In the time of Edward II. the Tower was much used as a safe retreat for that King and his family; his Queen long resided here, and her youngest daughter, being born here, was called ” Joan of the Tower.” At this time the King had shut up in the Tower two nobles of importance for treason, and for attacking the property of his favourites the Despensers ; these were Roger Mortimer, lord of Chirk, the uncle, and Roger Mortimer, lord of Wigmore, the nephew. The uncle died of starvation, but the young noble, managing to get into the good graces of Queen Isabella, had his sentence of death commuted to imprisonment. He, however, conspired again, this time plotting the seizure of the Tower, of Windsor, and of Wallingford, by his friends ; whereon he was again condemned to death. However, his now strong intimacy with the Queen, the disastrous results of which belong to history, afforded him relief, for with her aid he succeeded in escaping from the Tower, by first drugging the keepers, and then by some means getting from the keep into an adjoining kitchen, from the roof of which he managed, with aid from within, to scale the wall and reach the Thames, and so get out of the country and into France. The next year Isabella went to Paris, ostensibly to make a truce between her brother the French king and Edward, and here she was joined by Mortimer and the barons who were disaffected and sided with her against the Despensers.
In 1326, the descent on England was planned, and in September Isabella and a foreign army, with Mortimer in command of an English force, landed at Harwich. The King threw himself into the Tower and tried to attract the Londoners to his standard, but the people declared for the Queen ; whereon Edward, with the two Despensers tied to Bristol, leaving his youngest son, John of Eltham, in charge of the ‘lower, with Stapleton, Bishop of Exeter. Then the citizens rose against the fortress, forced their way into it, seized and beheaded the bishop, and set all the prisoners free. Once more the Tower became the prison of Roger Mortimer, who, after his seizure by the young King at Nottingham Castle in 1330 (see NOTTINGHAM), was sent there before his execution at Tyburn.
Edward III., the first years of whose reign were spent in this fortress, did much for the Tower he caused a survey to be made of it in 1336, which resulted in the buildings being put into good Order, and it was garrisoned in 1337, when the King spent much time there, collecting his arms and stores for the foreign wars. His Mint was also established there.
On November 30, 1340, Edward returned unexpectedly from Tournay to the Tower, and, finding the constable, Sir Nicholas de la Beche (see ALDWORTH, BERKS), absent, and no one left in charge of his young children, he imprisoned the constable and other officials, and punished them, residing himself there until his expedition to Brittany in October, 1342. There is evidence to show that at this date gunpowder was manufactured in the Tower.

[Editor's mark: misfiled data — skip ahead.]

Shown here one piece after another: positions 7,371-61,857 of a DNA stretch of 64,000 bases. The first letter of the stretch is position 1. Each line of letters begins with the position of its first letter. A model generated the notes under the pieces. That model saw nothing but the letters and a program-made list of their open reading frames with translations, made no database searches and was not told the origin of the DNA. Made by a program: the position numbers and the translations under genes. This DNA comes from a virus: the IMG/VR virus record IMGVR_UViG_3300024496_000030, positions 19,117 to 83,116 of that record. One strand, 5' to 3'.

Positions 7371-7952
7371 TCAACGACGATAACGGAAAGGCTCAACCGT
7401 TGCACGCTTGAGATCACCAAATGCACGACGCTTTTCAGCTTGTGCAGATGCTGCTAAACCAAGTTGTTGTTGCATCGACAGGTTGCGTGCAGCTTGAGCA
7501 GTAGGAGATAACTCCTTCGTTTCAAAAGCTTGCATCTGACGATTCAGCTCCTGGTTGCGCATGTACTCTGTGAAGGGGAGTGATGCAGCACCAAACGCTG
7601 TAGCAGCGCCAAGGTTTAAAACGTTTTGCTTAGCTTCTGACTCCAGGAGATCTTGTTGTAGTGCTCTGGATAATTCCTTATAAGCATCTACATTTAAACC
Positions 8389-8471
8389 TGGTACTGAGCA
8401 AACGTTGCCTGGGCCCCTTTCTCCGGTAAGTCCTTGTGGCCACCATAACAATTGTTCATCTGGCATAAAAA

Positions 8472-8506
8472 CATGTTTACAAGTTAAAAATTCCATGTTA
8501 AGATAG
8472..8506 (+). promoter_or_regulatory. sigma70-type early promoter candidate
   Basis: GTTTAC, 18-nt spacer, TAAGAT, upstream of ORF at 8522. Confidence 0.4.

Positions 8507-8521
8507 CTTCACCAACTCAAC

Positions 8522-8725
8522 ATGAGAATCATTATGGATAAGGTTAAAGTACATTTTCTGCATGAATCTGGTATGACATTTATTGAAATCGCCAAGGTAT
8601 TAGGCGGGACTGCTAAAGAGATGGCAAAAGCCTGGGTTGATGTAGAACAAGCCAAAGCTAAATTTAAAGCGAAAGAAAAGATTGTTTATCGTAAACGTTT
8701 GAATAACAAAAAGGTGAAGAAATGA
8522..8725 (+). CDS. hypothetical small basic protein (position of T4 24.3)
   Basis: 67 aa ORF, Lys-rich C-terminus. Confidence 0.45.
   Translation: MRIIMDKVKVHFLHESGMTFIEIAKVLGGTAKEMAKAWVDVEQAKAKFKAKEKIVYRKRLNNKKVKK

It was probably at this period that the Beauchamp Tower was added, as well as the Bowyer, and perhaps others,—among them, the Salt Tower, if it be not of infinitely older date. The taking of Caen, in 1346, brought hither the Comte d’Eu and de Tankerville, with 300 of the chief citizens as prisoners, to fill this fortress ; and hither likewise, in January, 1347, was brought prisoner David, King of Scotland, taken the preceding year at the battle of Neville’s Cross ; having been badly wounded by arrows in the face and leg, he had been hitherto kept at Bamburgh Castle (q.v.). As there is a charge recorded for his being doctored in the Tower, his cure does not seem to have been completed in the North. Later, in the same year, were confined here Charles de Blois, nephew of the French king, Philip, captured at the Castle of Roche de Rien, and upon the surrender of Calais, Jean de Vienne, its brave governor, with twelve of his best burghers. In 1358 John, King of France, and his son Philip, captured at Poictiers, were brought to England by the Black Prince, and were imprisoned first in the Savoy, and then at Windsor (q.v.), where much liberty was allowed them, and they. “went a-huntyng and a-hawkyng at their pleasure;” but suspicion falling on King John’s actions and intentions at Windsor, he was in 1359 sent into confinement in the Tower, where he remained until the Peace of Bretigny in 1360.
Richard II. took refuge here with his mother and other ladies at the outbreak of the insurrection of Wat Tyler, who marched to London, with a multitude, said to have been 60,000 strong, and menaced the Tower. The young King, getting the greater part to retire to Mile End, went to meet the rebels, but during his absence, before the gates could be closed, an armed rabble broke into the Tower, and finding Archbishop Sudbury and Sir Thomas Hales, the treasurer, in the chapel of St. John dragged them out and murdered them. They then forced their way into the royal apartments, and insulted the Queen-mother, the widow of the Black Prince, and pillaged the rooms. In 1387 Richard again sought refuge here at the time of the rebellion headed by his uncle Gloucester, and here he afterwards imprisoned Thomas Beauchamp, Earl of Warwick in the tower which still bears his name. To the Tower, in 1396, he brought his child-wife, Isabel of France, for her marriage and coronation ; and here, too, was acted the last scene of his troubled reign, when, on September 29, 1399, in the council-chamber of the White Tower, he resigned his crown to Henry of Bolingbroke. Next year his dead body was brought to the Tower from Pontefract to be publicly exhibited.
Henry IV. kept prisoner here for a long time the young king, James I. of Scotland, who had accidentally fallen into his hands when on his journey by sea to France. After Agincourt, Charles, Duke of Orleans, was confined here, in the State apartments of the White Tower, as is shown by a drawing in Froissart given in Lord de Ros’s Memoirs of the Tower.